PEABODY — Gene Sauers wasn’t expecting to talk publicly on Monday morning at Salem Country Club. It threw him for a little bit of a loop.
“Y’all are so quiet,” he said to the room of a few dozen representatives from the media and the US Golf Association. “I’d rather be hitting golf balls out in front of a million people than up here talking.”
Sauers, 54, is not your ordinary defending champion of the US Senior Open. Not many people in the room Monday morning knew his story, and Sauers is still getting used to telling it.
Sauers, set to defend his title at this year’s US Senior Open, to be held June 29-July 2 at Salem Country Club, is just happy to be alive. In 2011 he was diagnosed with the rare Stevens-Johnson Syndrome, a rare skin condition that causes peeling, burning and, in the worst cases, can lead to high fevers, organ failure, and death.
Doctors originally misdiagnosed Sauers with rheumatoid arthritis, and he contracted Stevens-Johnson after being pumped full of the wrong medication for six to eight months.
“I ended up getting burned from the inside out — both arms and both legs,” said Sauers, a native of Savannah, Ga. “I couldn’t get off the couch, I couldn’t do anything – just burning. They treated me like a burn victim. I was pretty much tortured — a morphine pump, epidurals in my back. I don’t think the morphine worked.”
Sauers pulled through after being given just a 25 percent chance of survival. But Sauers found a positive through his horrifying ordeal. Half a decade earlier, Sauers had tired of professional golf. He won three tournaments on the PGA Tour and finished tied for second at the 2002 PGA Championship, but 20 years of traveling and struggling to make it were enough.
“I didn’t touch a golf club for seven years,” Sauers said. “I got off the tour when I was 44-45, [and] I was frustrated with the game. I don’t have a teacher, did it all my own, and couldn’t get out of my slump as fast as I could have if I had a teacher.”
But lying in the hospital at Duke University, all Sauers could think about was his golf swing.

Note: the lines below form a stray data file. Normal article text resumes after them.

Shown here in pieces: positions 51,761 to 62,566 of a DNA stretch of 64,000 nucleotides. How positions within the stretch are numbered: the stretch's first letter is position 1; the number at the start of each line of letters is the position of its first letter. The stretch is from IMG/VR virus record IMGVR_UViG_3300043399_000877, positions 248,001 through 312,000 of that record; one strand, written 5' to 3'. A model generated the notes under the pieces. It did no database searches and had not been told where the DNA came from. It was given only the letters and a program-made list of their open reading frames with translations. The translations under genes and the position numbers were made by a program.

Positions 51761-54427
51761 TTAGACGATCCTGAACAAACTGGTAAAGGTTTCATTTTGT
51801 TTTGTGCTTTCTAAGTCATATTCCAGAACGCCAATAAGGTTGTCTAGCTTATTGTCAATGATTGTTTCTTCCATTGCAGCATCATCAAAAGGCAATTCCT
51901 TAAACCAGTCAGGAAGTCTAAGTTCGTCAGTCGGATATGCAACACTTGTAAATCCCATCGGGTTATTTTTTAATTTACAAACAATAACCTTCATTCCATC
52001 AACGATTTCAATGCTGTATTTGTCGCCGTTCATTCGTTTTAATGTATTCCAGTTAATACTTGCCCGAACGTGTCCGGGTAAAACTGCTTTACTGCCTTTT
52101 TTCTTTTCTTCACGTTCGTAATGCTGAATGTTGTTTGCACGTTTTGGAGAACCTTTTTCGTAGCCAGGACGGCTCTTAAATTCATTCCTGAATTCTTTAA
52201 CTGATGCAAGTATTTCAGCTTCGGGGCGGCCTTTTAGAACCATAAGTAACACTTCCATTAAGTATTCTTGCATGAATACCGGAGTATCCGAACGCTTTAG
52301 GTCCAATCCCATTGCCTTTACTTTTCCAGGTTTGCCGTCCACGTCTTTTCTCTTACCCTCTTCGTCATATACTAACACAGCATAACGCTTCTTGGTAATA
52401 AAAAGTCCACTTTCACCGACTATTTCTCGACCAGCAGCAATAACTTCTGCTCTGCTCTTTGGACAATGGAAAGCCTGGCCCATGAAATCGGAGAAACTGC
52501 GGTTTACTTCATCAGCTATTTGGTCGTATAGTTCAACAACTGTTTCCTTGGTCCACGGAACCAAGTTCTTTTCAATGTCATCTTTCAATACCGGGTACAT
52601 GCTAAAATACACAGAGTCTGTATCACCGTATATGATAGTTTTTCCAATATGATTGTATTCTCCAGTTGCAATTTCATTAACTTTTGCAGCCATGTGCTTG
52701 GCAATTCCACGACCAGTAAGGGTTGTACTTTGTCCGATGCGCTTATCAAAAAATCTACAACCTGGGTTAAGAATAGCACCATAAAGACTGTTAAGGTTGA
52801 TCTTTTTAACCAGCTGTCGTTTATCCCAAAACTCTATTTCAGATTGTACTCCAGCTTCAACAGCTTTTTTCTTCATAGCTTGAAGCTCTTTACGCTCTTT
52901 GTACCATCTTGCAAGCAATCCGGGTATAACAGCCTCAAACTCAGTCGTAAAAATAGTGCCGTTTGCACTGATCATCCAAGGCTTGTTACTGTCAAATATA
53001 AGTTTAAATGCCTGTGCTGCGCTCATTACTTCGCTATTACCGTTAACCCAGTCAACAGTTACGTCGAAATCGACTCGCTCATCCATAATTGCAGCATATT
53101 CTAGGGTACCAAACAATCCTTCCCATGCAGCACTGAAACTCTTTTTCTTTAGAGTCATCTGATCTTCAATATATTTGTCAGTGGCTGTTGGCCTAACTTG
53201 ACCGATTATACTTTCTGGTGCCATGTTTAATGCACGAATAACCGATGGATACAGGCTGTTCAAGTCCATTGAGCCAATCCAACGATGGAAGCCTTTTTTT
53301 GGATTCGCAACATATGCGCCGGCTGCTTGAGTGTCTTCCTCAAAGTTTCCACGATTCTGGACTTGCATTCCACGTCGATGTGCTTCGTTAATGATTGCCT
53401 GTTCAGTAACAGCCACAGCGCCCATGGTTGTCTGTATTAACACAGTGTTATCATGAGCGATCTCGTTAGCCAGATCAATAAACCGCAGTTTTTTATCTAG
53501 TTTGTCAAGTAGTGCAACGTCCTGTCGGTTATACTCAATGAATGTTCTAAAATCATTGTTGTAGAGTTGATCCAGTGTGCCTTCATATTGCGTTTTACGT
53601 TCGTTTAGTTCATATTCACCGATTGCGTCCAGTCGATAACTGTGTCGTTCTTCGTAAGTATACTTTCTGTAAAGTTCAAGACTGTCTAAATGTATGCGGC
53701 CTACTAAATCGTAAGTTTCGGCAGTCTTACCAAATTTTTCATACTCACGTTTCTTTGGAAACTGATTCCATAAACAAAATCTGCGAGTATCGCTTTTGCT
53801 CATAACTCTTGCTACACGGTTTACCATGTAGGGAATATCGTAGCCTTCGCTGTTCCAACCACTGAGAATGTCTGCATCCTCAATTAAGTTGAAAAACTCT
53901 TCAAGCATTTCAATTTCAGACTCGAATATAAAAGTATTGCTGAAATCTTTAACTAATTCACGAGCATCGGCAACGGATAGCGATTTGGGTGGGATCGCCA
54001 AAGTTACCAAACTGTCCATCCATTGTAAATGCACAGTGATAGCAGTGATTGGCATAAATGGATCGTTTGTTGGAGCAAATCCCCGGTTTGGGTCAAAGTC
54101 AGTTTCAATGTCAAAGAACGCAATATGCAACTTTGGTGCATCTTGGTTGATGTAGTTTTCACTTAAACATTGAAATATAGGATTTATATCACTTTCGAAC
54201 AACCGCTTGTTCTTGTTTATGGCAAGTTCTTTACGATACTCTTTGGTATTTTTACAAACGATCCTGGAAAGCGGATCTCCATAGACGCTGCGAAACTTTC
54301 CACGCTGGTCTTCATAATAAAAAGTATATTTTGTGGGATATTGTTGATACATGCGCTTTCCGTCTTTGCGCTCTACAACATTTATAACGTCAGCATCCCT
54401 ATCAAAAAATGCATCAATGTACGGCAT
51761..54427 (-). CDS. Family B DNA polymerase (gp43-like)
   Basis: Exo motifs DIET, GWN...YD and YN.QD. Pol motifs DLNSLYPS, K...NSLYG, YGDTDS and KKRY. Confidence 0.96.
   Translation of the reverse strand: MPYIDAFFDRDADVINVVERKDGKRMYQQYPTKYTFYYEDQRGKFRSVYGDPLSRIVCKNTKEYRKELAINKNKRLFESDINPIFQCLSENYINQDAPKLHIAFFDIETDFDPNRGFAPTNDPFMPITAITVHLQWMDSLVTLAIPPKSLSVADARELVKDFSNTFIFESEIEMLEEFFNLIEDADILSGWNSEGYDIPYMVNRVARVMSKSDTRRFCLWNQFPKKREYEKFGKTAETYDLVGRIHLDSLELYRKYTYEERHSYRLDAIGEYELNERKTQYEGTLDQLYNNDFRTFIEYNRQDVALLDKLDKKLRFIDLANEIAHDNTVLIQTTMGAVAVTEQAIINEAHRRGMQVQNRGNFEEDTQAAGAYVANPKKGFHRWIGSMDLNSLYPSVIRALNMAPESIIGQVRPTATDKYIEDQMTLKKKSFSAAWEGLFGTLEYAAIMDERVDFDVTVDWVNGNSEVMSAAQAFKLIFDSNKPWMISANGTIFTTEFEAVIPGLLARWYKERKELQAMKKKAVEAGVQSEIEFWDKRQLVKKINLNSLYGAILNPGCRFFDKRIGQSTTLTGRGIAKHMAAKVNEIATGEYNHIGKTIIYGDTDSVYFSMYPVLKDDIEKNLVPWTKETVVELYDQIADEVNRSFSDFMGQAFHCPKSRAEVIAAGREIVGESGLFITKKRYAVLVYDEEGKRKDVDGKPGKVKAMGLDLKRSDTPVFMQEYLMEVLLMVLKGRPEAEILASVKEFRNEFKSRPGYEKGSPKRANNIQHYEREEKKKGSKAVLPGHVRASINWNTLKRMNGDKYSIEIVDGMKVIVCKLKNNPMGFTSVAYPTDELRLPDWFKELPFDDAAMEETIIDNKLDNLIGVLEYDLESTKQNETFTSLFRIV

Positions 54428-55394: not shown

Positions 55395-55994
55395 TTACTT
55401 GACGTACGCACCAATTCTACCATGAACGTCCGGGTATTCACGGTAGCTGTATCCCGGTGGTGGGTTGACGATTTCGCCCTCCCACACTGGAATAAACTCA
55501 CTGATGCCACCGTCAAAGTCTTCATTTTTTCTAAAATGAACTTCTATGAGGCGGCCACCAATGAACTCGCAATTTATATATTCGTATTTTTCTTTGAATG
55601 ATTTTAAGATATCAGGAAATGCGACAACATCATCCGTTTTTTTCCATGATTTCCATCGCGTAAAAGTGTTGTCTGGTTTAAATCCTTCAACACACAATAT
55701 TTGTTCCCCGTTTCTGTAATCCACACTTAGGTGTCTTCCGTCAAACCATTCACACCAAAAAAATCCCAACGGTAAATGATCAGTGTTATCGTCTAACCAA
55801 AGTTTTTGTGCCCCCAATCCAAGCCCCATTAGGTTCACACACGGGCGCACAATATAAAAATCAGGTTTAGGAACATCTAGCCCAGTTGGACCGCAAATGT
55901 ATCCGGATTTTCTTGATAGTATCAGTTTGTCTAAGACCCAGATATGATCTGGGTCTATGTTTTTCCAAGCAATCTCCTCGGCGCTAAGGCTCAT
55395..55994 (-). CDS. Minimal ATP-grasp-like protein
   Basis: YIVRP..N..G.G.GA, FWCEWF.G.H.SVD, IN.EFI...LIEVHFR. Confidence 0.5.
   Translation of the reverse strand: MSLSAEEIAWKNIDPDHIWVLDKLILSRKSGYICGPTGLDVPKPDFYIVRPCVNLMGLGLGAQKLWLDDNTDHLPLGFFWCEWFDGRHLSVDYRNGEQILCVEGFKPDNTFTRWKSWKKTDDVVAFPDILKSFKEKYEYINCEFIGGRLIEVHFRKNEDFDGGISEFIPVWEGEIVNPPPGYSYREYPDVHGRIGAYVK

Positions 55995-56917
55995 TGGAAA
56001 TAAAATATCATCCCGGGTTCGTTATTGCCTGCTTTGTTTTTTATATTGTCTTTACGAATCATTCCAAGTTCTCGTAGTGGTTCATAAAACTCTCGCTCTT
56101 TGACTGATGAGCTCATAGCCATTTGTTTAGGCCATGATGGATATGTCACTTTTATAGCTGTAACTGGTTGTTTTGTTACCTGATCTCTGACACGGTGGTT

“I basically played golf for two to three weeks in the hospital in my head, and I said, ‘This is how I’m going to play when I get out. This is how I’m going to swing the club,’” Sauers said.
His first round back came at Ford Plantation Golf Club outside Savannah, and after seven years away from the course, Sauers birdied his last three holes to shoot a 71. “If I could shoot 71 after everything I just went through, not touching a club for seven years, near death, I’ve got to give professional golf another shot,” Sauers said.
Sauers has been playing on the Champions Tour since the end of the 2012 season, and finally broke through with his first major victory at last year’s US Senior Open, beating Billy Mayfair and Miguel Angel Jimenez by one stroke. The championship earned Sauers a spot in this year’s US Open as well, to be played next month at Erin Hills in Wisconsin.
And coming up to Boston to partake in the US Senior Open will be special for Sauers. His first professional win came at the 1986 Bank of Boston Classic, winning in a playoff at Pleasant Valley Country Club in Sutton.
The USGA presented Sauers with a pair of Larry Bird socks on Monday, with a gentle suggestion to wear them at some point during the Senior Open. He played a practice round on Monday with Bruins legend Ray Bourque and Patriots kicker Stephen Gostkowski.
“I used to sit and watch the Celtics every day with my dad,” he said. “I used to always watch Larry Bird hit those 3-pointers.”